Logistic regression- 9 mins
I though I would give some introduction on basic machine learning techniques and include some basic implementation with the explanations. I started with the topic below. Hope you will enjoy reading.
The main goal is to maximize the joint probability of the output label given the input data - in layman’s terms - make the predictions correct most of the time.
Since this equation gives:
and we want the predictions to represent the probability of a binary classification problem. In logistic regression we apply a sigmoid function to the regression term in order to achieve [0, 1] range and make it a normalized probability:
Where x is a data point and w, b are the parameters of our regression model. In order to maximize the joint probability we take its logarithmic mapping since the logarithm is a continuous and monotonic function therefore for a data and label pair (x, y) our loss function is:
We want to optimize this by stochastic gradient descent so we will need the gradients. For a dataset of
the computations are the following:
The i-th activation is:
And the i-th prediction:
The i-th loss therefore:
We still have to define the cost function which is the sum of the losses. If we do stochastic gradient descent we sample a batch of the dataset randomly and calculate the loss for
The derivatives are the following:
Since we know the chain rule we know that in order to get
Moving on the actual learnable parameters
Logistic regression in code with L2 weight regularization
Now the same in code:
import numpy as np from sklearn.datasets import load_breast_cancer from sklearn.metrics import accuracy_score
sklearn a default binary classification dataset can be loaded and a metric can be used to test accuracy.
X, y = load_breast_cancer(return_X_y=True) y.reshape(y.shape, 1) print('Data shape : ', X.shape, '\t labels shape : ', y.shape)
Data shape : (569, 30) labels shape : (569,)
n_samples = X.shape test_split = np.random.choice(n_samples, size=n_samples // 10, replace=False) assert np.unique(test_split).size == n_samples // 10, 'Test split size constraint failed' train_split = list(set(range(0, n_samples)) - set(test_split)) assert np.unique(train_split).size == n_samples - n_samples // 10, 'Train split size constraint failed' X_train, y_train, X_test, y_test = X[train_split], y[train_split], X[test_split], y[test_split] y_train = y_train.reshape(n_samples - n_samples // 10, 1) y_test = y_test.reshape(n_samples // 10, 1) X_train.shape, y_train.shape, X_test.shape, y_test.shape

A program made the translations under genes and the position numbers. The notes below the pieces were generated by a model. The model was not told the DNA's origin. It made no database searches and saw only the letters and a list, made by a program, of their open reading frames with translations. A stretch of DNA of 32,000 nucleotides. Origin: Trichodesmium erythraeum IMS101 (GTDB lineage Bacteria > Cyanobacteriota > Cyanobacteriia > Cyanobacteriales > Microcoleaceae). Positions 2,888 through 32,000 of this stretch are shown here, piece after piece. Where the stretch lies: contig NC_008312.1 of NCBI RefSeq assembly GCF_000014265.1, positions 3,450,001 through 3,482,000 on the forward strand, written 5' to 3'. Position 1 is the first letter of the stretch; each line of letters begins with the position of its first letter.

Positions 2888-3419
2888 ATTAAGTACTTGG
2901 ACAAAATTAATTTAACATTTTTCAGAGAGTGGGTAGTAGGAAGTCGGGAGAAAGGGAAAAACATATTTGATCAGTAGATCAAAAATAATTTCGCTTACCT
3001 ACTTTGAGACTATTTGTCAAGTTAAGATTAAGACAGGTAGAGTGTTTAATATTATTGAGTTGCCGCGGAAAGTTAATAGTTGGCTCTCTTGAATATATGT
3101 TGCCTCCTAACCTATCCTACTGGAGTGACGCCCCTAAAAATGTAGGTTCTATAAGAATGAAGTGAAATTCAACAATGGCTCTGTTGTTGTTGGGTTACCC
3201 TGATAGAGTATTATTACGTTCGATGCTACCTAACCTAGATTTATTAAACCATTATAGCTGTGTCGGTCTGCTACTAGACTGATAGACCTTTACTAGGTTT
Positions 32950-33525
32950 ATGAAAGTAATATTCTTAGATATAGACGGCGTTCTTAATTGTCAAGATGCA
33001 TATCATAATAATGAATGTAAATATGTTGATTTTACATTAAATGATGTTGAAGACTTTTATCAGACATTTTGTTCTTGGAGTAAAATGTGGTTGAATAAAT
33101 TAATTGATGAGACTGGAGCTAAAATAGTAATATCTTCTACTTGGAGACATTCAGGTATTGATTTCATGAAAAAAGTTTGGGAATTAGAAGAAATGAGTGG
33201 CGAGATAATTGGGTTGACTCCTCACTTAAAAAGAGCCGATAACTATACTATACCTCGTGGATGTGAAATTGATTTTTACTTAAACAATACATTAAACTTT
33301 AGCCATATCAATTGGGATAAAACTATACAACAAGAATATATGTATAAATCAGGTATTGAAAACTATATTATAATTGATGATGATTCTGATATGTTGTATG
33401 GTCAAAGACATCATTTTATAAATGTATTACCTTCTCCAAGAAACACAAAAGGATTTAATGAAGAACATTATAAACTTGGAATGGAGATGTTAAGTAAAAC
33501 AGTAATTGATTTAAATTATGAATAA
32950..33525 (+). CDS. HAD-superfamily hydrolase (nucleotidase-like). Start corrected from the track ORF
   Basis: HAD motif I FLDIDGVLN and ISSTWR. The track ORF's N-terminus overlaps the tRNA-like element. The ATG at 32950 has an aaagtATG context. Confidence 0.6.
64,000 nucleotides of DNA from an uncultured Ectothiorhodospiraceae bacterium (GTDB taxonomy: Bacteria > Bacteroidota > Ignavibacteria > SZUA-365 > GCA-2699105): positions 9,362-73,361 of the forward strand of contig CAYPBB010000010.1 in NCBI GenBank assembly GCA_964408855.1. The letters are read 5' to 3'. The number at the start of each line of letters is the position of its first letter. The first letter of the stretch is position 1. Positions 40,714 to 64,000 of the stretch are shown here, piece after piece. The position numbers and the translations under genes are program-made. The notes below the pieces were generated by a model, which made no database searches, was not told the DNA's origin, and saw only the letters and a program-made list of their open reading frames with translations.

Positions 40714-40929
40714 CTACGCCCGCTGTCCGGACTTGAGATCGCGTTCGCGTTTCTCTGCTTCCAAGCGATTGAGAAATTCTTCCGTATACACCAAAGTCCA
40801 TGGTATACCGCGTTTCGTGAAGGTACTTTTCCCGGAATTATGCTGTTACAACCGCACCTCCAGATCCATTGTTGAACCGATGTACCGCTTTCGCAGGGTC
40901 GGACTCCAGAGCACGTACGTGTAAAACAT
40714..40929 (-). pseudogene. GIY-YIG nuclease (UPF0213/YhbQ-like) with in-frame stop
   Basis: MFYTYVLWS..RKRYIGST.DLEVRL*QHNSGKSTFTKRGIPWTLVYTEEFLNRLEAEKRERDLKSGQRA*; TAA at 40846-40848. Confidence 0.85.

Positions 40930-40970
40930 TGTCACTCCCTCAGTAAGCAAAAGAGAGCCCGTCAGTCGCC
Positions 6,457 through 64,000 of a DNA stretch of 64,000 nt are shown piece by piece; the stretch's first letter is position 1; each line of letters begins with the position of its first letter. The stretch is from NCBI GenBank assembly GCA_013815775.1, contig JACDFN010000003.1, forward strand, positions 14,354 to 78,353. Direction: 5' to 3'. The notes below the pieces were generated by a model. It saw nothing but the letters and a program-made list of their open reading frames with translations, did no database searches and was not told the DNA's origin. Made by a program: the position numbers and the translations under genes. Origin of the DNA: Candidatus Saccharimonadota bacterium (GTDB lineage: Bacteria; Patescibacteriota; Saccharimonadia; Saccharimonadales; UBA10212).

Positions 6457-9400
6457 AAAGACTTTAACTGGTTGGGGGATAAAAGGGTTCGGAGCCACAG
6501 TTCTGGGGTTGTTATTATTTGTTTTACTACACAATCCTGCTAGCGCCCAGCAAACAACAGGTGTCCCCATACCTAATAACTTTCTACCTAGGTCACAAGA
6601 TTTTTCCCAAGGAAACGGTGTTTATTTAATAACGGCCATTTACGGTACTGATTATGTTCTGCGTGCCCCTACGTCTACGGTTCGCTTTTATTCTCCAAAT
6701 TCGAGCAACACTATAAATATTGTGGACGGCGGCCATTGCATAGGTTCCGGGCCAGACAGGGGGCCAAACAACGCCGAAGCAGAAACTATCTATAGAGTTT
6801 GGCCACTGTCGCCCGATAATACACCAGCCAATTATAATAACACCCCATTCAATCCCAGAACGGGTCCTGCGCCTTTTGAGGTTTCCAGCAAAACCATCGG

((513, 30), (513, 1), (56, 30), (56, 1))
Here I implemented some custom splitting technique with
numpy only but the default
train_test_split method can be used from
sklearn as well. Normalizing the dataset is also important to ensure numerical stability.
train_std, train_mean = np.std(X_train, axis=0), np.mean(X_train, axis=0) test_std, test_mean = np.std(X_test, axis=0), np.mean(X_test, axis=0) X_train -= train_mean X_test -= test_mean X_train /= train_std X_test /= test_std X_train.shape, X_test.shape
((513, 30), (56, 30))
def sigmoid(x): return 1. / (1. + np.exp(-x)) sigmoid = np.vectorize(sigmoid) learning_rate = 5e-4 m = 750 max_iter = 5_000 # regularization alpha = 10e-3 w = np.random.randn(1, X_train.shape) b = np.random.randn() for _iter in range(max_iter): batch_indices = np.random.choice(X_train.shape, size = m, replace = True) batch = X_train[batch_indices].T _y = y_train[batch_indices].reshape(1, m) assert batch.shape == (X_train.shape, m), 'Batch shape constraint failed' activation = np.dot(w, batch) + b assert activation.shape == (1, m), 'Activation shape constraint failed' y_hat = sigmoid(activation) assert y_hat.shape == activation.shape, 'Prediction shape constraint failed' if _iter % 500 == 0: # Calculate current accuracy y_pred_test = np.dot(w, X_test.T) + b y_pred_test[y_pred_test >= 0.5] = 1 y_pred_test[y_pred_test < 0.5] = 0 print('Iter : %d | Current accuracy on test set %.2f%%: ' % (_iter, 100 * accuracy_score(y_test, y_pred_test.T))) da = y_hat - _y assert da.shape == activation.shape, 'Activation derivative shape constraint failed' dw = np.matmul(batch, da.T).T assert dw.shape == w.shape, 'Weights derivative shape constraint failed' db = np.sum(da) # Update parameters w -= learning_rate * ( dw + 2. * alpha * np.linalg.norm(dw) ) b -= learning_rate * ( db + 2. * alpha * np.abs(db) ) y_pred_test = np.dot(w, X_test.T) + b y_pred_test[y_pred_test >= 0.5] = 1 y_pred_test[y_pred_test < 0.5] = 0 print('Final accuracy : %.2f%%' % (100 * accuracy_score(y_test, y_pred_test.T)))
Iter : 0 | Current accuracy on test set 16.07%: Iter : 500 | Current accuracy on test set 98.21%: Iter : 1000 | Current accuracy on test set 96.43%: Iter : 1500 | Current accuracy on test set 96.43%: Iter : 2000 | Current accuracy on test set 96.43%: Iter : 2500 | Current accuracy on test set 98.21%: Iter : 3000 | Current accuracy on test set 98.21%: Iter : 3500 | Current accuracy on test set 98.21%: Iter : 4000 | Current accuracy on test set 98.21%: Iter : 4500 | Current accuracy on test set 98.21%: Final accuracy : 98.21%
Here the final accuracy is 98.21%. Which seems to be pretty amazing for such a simple algorithm.